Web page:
Would you like a deep sea creature themed classroom or homeschool room? Thematic units can bring students into a total immersion with a loved subject! I have always loved teaching thematic unit studies incorporating the other core subjects. A study of the deep sea, with all its current research, can be an opportunity for you to study it across the curriculum.
6 Tips for a Thematic Deep Sea Unit Study
- Arts & Crafts – Have an ugliest and cutest deep sea creature contest. Include picture masks of learners chosen creature either drawn or printing photos off from online to make their masks. Students can optionally create full or partial costumes to go with their masks.
- Language arts – Have students write stories about their scariest or cutest deep sea creature of choice. Stories can be fictional or non-fictional. Students can read their stories aloud at home or in school.
- Math – Students can select any number of deep sea creatures ranging from 2 – 10 and compare body lengths, teeth size, weights etc. Create a poster board of drawings or photographs with the aforementioned math facts written near the creatures. Students can create math story problems from these posters.
- History – study the history of deep sea exploration. A great place to start is with NOAA’s historical oceanic exploration timeline here. BoaterExam.com also has a nice timeline with great images including old time deep sea submersibles.
- Geography Research Project – Students can study NOAA’s Digital Atlas of exploration here. Have students select 1 or more places of study and do in-depth research about NOAA’s work in these regions of the world. Click on a circle on the map and a box will jump up. Each box has in-eth research with links leading to more research about each expedition. Students can do ability appropriate research.
- Use my Dramatic Deep Sea Creatures course curriculum to guide you along and incorporate the above-suggested activities in the study.
When I began writing my 8-lesson mini-course, Dramatic Deep Sea Creatures, I had no idea about the amazing advancements in science and discoveries in the oceanic depths that have occurred just in the last decade. To my delight, this was quite a time to be writing a cutting-edge deep sea creatures course! This unit study can be a large supplement to your total deep-sea immersion thematic study. It can also be a high school elective. The choices are endless on what can be done with this mini-course.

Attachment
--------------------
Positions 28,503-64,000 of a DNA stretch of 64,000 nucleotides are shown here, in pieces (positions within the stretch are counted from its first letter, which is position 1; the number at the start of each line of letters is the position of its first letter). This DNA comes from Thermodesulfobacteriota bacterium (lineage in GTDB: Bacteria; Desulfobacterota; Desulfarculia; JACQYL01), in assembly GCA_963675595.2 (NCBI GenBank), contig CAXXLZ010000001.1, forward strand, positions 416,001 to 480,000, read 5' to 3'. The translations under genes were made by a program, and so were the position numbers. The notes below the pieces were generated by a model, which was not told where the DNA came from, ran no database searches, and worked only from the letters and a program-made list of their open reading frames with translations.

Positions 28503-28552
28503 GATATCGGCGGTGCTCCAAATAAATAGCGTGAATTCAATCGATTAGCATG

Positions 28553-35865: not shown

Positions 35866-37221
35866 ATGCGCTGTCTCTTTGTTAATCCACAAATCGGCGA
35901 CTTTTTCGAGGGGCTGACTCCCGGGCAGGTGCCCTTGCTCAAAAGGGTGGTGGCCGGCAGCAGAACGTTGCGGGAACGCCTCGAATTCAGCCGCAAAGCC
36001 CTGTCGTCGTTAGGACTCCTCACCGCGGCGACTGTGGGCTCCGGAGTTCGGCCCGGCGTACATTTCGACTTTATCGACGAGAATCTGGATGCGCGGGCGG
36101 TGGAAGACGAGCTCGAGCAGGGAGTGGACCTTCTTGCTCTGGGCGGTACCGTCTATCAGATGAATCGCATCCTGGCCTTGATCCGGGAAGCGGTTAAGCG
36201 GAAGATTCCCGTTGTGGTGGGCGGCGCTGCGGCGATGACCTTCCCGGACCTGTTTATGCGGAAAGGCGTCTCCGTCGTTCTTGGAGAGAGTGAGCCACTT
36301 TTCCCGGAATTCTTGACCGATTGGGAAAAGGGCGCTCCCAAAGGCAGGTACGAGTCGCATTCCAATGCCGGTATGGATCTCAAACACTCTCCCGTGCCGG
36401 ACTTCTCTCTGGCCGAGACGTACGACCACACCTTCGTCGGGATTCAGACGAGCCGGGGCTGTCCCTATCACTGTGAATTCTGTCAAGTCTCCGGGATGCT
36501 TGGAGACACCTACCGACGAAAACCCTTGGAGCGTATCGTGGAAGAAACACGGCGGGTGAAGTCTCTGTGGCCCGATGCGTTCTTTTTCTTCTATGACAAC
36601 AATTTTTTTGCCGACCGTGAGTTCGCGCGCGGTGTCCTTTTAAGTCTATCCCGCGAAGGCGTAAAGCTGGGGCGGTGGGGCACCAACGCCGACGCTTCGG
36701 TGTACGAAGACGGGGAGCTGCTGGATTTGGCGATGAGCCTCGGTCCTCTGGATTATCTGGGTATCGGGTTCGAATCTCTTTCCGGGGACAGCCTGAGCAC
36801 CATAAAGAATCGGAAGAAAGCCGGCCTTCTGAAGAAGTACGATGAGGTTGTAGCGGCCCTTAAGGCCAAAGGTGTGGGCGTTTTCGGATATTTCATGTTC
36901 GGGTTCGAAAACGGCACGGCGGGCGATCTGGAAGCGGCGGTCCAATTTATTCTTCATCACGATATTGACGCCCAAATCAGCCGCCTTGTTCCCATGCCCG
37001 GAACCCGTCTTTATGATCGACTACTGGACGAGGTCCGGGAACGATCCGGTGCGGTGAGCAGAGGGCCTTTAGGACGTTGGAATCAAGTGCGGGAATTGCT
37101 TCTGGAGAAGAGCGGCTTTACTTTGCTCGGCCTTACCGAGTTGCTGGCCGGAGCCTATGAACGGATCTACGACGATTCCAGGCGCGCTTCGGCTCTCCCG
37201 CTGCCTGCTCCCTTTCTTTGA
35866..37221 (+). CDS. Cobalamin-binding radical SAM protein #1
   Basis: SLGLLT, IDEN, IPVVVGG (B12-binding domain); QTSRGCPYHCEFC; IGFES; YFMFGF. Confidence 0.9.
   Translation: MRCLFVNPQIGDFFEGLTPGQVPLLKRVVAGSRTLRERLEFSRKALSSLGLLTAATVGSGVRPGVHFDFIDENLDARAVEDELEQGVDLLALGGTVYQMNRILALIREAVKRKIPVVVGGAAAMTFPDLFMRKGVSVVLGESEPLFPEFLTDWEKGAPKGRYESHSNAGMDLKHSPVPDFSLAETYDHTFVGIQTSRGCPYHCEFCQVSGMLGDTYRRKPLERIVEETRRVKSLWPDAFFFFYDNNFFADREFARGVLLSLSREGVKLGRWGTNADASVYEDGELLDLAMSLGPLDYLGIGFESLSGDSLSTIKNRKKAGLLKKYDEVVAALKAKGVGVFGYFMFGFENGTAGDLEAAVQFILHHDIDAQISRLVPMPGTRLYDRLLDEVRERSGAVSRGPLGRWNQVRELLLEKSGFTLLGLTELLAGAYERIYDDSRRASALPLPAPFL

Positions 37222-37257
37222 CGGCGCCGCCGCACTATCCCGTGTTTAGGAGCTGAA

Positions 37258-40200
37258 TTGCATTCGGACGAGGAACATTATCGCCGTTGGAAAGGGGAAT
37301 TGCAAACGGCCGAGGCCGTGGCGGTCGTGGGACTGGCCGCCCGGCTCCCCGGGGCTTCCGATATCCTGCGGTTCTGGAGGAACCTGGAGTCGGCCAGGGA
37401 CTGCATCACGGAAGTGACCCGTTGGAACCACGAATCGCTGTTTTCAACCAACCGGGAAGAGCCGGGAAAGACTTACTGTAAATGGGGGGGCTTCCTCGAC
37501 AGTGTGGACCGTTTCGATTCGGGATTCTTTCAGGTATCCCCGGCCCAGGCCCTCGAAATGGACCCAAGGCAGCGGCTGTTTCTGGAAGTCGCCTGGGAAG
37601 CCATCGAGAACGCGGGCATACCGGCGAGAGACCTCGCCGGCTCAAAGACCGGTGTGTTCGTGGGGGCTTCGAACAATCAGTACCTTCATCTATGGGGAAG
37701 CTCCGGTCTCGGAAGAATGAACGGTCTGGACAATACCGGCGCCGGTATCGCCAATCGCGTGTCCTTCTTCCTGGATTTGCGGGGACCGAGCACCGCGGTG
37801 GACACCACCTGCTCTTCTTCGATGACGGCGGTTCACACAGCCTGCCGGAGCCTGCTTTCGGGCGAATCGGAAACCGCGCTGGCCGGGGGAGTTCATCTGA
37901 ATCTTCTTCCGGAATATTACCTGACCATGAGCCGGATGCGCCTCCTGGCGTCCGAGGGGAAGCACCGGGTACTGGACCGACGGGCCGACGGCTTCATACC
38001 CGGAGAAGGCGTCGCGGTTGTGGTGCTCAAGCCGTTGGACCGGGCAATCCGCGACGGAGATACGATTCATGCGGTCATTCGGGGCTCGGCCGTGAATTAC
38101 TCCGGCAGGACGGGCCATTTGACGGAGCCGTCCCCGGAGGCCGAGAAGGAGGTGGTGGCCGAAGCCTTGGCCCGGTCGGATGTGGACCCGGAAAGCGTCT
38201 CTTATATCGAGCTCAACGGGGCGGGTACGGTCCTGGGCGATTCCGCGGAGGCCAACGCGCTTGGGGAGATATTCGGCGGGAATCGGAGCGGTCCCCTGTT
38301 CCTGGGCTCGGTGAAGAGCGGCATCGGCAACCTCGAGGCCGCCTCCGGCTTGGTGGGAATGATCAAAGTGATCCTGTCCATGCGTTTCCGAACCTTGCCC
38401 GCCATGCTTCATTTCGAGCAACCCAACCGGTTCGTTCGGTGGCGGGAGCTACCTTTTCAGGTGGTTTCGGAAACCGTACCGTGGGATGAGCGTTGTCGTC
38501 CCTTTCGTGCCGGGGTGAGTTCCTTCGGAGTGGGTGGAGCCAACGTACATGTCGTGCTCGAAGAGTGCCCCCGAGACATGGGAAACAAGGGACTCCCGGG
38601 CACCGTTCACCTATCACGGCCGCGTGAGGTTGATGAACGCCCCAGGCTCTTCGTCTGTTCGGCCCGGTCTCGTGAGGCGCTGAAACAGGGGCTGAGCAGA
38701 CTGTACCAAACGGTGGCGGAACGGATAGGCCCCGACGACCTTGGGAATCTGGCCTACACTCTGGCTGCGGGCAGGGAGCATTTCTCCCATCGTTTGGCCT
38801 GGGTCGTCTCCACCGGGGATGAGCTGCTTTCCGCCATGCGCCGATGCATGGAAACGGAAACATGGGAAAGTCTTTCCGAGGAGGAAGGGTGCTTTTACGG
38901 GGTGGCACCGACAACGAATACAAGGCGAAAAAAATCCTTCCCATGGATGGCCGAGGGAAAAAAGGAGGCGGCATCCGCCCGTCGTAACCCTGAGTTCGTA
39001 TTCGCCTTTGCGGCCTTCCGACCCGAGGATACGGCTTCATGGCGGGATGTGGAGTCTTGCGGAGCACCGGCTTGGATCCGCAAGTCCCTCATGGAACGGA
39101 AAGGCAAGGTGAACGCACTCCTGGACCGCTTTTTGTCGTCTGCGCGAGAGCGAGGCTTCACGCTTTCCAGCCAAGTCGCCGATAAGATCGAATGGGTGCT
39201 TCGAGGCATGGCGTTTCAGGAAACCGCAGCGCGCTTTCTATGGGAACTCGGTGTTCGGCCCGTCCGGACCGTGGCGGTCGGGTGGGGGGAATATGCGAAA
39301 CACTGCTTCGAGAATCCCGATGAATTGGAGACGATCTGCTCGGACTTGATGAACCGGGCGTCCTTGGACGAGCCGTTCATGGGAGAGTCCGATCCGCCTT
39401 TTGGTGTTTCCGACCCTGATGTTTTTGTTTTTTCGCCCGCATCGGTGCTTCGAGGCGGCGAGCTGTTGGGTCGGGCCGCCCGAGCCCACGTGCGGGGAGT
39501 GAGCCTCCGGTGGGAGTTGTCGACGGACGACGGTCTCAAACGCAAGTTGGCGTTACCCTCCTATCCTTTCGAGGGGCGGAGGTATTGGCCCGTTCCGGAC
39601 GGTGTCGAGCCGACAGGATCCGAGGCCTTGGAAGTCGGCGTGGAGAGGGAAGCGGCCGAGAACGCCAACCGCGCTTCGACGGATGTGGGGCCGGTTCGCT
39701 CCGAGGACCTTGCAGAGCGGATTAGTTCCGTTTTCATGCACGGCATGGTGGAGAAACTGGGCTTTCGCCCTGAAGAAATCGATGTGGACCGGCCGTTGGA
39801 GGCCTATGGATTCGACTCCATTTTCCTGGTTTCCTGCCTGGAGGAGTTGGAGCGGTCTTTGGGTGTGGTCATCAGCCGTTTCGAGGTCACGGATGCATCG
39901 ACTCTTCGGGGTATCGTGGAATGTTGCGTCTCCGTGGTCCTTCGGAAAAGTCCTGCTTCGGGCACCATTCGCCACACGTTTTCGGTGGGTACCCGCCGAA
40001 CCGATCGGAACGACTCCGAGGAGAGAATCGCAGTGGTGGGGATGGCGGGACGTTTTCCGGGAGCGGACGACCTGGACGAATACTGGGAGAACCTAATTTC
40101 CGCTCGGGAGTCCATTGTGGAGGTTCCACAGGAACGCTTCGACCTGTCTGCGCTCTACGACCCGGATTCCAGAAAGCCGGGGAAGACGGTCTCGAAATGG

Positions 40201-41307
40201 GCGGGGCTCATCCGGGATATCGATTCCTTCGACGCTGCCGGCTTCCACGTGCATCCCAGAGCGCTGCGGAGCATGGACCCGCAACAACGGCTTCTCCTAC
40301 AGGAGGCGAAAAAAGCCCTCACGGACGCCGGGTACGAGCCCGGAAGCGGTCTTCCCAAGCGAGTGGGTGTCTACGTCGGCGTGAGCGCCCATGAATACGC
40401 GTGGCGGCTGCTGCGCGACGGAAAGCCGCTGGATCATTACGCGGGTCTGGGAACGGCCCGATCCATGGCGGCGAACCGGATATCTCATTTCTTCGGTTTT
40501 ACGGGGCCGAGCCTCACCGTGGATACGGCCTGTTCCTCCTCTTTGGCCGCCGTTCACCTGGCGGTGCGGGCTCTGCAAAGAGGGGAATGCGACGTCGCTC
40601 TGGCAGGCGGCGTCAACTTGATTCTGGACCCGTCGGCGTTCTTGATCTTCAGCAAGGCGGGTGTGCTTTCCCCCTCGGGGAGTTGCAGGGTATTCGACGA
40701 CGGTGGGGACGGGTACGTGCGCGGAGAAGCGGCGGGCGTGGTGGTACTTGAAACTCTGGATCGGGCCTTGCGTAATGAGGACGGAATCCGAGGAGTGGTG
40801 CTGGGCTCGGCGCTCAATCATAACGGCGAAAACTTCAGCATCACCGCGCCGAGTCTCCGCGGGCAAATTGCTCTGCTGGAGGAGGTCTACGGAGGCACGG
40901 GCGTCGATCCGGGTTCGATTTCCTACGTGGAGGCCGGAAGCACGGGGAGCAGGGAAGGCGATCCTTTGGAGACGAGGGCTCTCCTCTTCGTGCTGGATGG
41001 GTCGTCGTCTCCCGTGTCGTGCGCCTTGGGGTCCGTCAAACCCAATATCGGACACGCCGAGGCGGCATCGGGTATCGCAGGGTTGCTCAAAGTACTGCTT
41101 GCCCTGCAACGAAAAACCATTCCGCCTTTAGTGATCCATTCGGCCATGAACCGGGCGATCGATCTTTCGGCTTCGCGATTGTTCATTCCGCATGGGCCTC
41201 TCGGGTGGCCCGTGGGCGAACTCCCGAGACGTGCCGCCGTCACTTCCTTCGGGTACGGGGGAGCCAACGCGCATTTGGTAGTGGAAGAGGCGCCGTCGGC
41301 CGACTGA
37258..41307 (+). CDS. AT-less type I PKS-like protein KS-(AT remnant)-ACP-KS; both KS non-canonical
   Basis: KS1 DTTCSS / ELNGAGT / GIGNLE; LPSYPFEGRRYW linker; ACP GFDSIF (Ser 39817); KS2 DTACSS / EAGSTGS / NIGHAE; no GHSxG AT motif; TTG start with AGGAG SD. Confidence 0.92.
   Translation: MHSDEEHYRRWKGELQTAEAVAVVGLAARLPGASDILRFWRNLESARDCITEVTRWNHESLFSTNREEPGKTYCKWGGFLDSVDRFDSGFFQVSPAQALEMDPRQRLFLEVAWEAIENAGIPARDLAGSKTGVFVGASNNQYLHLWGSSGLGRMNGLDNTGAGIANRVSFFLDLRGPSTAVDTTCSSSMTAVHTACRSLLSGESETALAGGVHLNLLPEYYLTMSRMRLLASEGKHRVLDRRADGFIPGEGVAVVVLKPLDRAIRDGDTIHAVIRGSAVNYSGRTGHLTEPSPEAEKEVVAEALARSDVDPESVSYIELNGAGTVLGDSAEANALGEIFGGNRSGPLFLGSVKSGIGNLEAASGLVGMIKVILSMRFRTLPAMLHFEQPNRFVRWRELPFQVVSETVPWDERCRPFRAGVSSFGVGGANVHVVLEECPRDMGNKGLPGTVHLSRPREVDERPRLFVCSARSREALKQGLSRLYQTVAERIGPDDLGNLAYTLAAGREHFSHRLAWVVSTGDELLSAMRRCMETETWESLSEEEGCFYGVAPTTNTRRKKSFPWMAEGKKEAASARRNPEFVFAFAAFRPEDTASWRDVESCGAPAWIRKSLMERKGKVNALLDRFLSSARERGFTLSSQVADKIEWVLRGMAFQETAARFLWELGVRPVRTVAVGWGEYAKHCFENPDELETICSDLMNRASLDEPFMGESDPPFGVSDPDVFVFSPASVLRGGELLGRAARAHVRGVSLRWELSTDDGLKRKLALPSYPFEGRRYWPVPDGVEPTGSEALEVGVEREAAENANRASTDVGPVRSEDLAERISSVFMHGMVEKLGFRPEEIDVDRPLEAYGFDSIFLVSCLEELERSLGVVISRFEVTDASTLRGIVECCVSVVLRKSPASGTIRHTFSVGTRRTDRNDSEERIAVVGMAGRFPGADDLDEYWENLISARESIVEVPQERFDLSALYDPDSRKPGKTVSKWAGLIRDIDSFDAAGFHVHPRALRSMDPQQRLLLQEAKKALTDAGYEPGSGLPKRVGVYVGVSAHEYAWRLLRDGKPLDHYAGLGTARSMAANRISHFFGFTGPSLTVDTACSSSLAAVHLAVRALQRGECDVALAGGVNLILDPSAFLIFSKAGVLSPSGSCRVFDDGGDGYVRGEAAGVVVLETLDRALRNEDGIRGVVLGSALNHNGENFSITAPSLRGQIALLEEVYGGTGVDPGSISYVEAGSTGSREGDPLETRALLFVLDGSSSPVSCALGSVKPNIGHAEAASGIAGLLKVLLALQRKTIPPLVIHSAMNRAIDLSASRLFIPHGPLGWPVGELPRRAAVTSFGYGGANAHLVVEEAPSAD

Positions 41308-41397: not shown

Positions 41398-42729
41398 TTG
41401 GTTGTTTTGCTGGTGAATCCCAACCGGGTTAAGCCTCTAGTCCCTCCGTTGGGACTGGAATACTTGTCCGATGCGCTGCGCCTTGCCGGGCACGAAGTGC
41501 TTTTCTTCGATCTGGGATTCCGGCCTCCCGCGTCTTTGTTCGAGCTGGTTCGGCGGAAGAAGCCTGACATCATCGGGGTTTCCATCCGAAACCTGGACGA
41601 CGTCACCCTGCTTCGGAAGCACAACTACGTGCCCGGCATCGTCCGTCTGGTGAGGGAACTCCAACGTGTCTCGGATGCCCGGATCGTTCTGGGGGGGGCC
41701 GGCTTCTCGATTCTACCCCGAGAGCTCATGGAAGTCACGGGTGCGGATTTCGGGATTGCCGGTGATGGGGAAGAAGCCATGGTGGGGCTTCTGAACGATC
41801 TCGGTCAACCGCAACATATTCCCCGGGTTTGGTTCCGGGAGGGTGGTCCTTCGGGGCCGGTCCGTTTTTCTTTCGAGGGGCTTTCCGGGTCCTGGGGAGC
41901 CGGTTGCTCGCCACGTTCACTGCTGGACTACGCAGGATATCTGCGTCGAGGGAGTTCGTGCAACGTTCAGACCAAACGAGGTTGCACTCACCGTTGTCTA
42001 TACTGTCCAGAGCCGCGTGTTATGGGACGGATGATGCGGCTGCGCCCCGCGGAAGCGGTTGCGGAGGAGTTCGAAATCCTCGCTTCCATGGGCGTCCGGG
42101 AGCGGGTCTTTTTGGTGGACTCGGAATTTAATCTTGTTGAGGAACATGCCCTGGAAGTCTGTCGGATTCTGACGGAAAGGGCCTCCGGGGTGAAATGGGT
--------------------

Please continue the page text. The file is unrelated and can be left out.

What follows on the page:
The course is written at a middle, high school level, but students of all ages, including adults can appreciate the content.
The two top organizations which I used in my course research, that are performing cutting-edge deep sea research are NOAA (National Oceanic and Atmospheric Administration) and Nautilus Live with Dr. Robert Ballard and Corps of Exploration. Between these two organizations, I was able to find out some astonishing things about the deep sea creatures featured in my course and their black environment.
I had thought the scare element at the appearance of some of these creatures would surely draw the homeschoolers out to my online course, and well it did. We had a boon enrollment of 20 families with some extraordinary student bloggers, I might add!
Some Adorable and Formidable Deep Sea Creatures We Study in the Course
The Vampire squid is known for its ability to turn itself inside-out, thus revealing an umbrella-like inside also compared to a vampire’s cape. It also is covered in light organs called photophores. Have a look at the image below to see what I mean!
A Vampire squid showing off its photophores. Image credit: Lauren2
The Dumbo octopi, some of the cutest deep sea creatures of the oceans, include a species which may have the latin name assigned, Opisthotheusis Adorabilis. Now just how cute is that?
Here’s a free Dumbo octopus coloring page and facts printable!
Here are two more formidable, yet fascinating deep-sea creatures we learn about in the Dramatic Deep Sea Creatures 8-lesson mini course.
Fangtooth fish, have the largest teeth in proportion to their body size in the world. Their unique skull structure accommodates sockets to house the fangs when their mouths are closed. Just look at those teeth!
The Frilled shark gives us quite a thrill when viewed both in pictures and especially in real life! See it in action from the video below!
In closing, consider what it would be like for you and your home or school students to do a deep sea creature thematic study.
I’d love to hear your feedback if you try any of these projects and activities either at home or in school. Please share them below in the comments section! Until next time, ahoy, deep sea explorers!